Other known techniques for generating random permutations are also relatively inefficient from a hardware or processing standpoint. Furthermore, it would be desirable to have the capability to control the rate at which the permutation is modified, particularly in the frequency-hopping context or other signal encoding schemes.

Accordingly, there remains a need for an efficient and inexpensive implementation of a random permutation methodology that is useful in information transmission schemes that employ frequency-hopping and any other applications requiring a sequence of randomly permuted values.

SUMMARY OF THE INVENTION

Therefore, in light of the above, and for other reasons that become apparent when the invention is fully described, an object of the present invention is to generate sequences of randomly permuted data elements, and, more particularly, to produce a random output sequence of numbers by permuting blocks of data elements in an input sequence.

A further object of the present invention is to form a sequence of hop codes corresponding to transmission frequencies in a communication system employing frequency-hopping.

Yet a further object of the present invention is to randomly permute a block of data elements, wherein each of the data elements is represented by plural bits whose values identify the data element.

A still further object of the present invention is to provide the capability to control the rate at which a randomly permuted output sequence, generated from a repeating input block of data elements, is modified.

Another object of the present invention is to minimize the hardware and processing required to generate a randomly permuted sequence of data elements.

Yet another object of the present invention is to randomly permute a block of data elements, wherein the block includes any integer number of data elements.

Still another object of the present invention is to maintain substantial uniformity among permuted blocks of data elements, such that a data element in a given position within an input block is equally likely to be mapped to any of the positions in a permuted output block, and a data element in a given position in the output block is equally likely to have originated from any position in the input block.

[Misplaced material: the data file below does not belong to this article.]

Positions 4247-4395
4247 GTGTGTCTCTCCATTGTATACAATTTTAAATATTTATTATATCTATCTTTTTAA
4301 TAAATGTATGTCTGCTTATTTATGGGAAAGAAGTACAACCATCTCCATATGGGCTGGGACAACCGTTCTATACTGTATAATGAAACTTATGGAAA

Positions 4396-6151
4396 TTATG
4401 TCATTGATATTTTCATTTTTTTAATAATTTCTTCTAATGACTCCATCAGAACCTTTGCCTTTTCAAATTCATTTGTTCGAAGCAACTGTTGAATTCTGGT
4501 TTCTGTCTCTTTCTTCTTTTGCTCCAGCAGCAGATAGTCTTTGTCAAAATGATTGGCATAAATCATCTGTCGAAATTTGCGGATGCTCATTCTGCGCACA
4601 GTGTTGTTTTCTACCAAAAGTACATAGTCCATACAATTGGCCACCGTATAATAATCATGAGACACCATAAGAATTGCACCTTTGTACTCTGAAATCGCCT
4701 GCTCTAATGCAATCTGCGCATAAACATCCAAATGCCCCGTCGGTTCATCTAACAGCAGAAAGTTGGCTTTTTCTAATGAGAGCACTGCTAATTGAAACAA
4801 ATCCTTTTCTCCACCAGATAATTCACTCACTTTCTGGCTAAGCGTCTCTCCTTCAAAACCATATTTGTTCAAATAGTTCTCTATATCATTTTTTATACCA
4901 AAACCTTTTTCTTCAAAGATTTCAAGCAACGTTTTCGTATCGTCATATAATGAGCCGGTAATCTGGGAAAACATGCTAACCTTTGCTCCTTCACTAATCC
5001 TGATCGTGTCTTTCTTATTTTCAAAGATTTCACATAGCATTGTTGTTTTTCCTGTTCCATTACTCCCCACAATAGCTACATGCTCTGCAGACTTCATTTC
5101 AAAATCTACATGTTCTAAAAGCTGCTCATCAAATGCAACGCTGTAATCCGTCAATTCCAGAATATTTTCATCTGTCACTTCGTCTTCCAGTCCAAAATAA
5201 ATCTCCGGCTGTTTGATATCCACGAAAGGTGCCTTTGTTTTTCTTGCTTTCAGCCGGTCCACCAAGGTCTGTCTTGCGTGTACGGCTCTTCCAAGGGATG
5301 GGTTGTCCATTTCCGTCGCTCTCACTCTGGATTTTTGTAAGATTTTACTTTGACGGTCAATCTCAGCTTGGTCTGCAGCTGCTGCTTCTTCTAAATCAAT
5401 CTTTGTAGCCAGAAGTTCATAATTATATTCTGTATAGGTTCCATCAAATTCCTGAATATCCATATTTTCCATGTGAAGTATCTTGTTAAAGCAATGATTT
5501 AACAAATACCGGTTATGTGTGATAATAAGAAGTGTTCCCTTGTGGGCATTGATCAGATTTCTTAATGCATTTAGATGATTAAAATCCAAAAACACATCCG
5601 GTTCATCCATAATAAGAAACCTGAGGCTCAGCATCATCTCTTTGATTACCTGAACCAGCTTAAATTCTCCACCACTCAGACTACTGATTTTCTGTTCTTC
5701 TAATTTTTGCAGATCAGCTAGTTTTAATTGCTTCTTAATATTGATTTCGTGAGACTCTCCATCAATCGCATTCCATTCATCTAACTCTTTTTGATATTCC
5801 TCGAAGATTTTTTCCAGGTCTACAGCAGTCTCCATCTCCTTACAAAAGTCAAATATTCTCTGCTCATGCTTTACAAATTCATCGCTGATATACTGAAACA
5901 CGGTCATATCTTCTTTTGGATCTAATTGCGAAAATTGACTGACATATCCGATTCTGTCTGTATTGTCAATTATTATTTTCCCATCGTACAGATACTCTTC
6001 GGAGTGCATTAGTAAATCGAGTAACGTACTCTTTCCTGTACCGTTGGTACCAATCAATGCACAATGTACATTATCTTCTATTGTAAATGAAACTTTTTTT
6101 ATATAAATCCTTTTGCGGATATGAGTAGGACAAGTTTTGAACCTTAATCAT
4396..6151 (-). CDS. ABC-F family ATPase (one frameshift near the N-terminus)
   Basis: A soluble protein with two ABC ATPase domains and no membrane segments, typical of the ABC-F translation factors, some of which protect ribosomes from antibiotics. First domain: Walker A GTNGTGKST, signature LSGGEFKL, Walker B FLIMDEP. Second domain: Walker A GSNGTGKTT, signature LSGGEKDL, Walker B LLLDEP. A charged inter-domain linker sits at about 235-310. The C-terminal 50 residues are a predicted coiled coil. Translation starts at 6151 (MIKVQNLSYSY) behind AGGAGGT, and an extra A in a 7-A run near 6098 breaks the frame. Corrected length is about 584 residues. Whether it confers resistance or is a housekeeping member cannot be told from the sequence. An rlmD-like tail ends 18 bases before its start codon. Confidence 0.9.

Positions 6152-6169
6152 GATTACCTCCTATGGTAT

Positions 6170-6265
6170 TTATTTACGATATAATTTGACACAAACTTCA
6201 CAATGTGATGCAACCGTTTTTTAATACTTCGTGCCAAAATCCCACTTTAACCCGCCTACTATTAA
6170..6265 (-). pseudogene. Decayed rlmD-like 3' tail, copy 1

The aforesaid objects are achieved individually and in combination, and it is not intended that the present invention be construed as requiring two or more of the objects to be combined unless expressly required by the claims attached hereto.

In accordance with the present invention, random data is used to generate a random permutation of a block of multi-bit data elements. An input register, such as a counter, generates a multi-bit data element (e.g., an N-bit number) upon being clocked by a periodic clock pulse. A sequence of clock pulses generates a set or “block” of data element in which each data element occurs exactly once (e.g., a four-bit binary counter that generates sixteen numbers, zero to fifteen). As each data element is generated, it is supplied to a permutation logic unit which operates on the bits of the data element to produce an output data element. Specifically, random data is used to decide whether each bit of the output data element will have the same or opposite value of the corresponding bit of the input data element. The random data is selected from random code memories addressed using bits of the input and output data element in such a manner that each data element is mapped from a position in the input block to a position in the output block, with each data element occurring exactly once the output block, thereby making the output block a random permutation of the input block.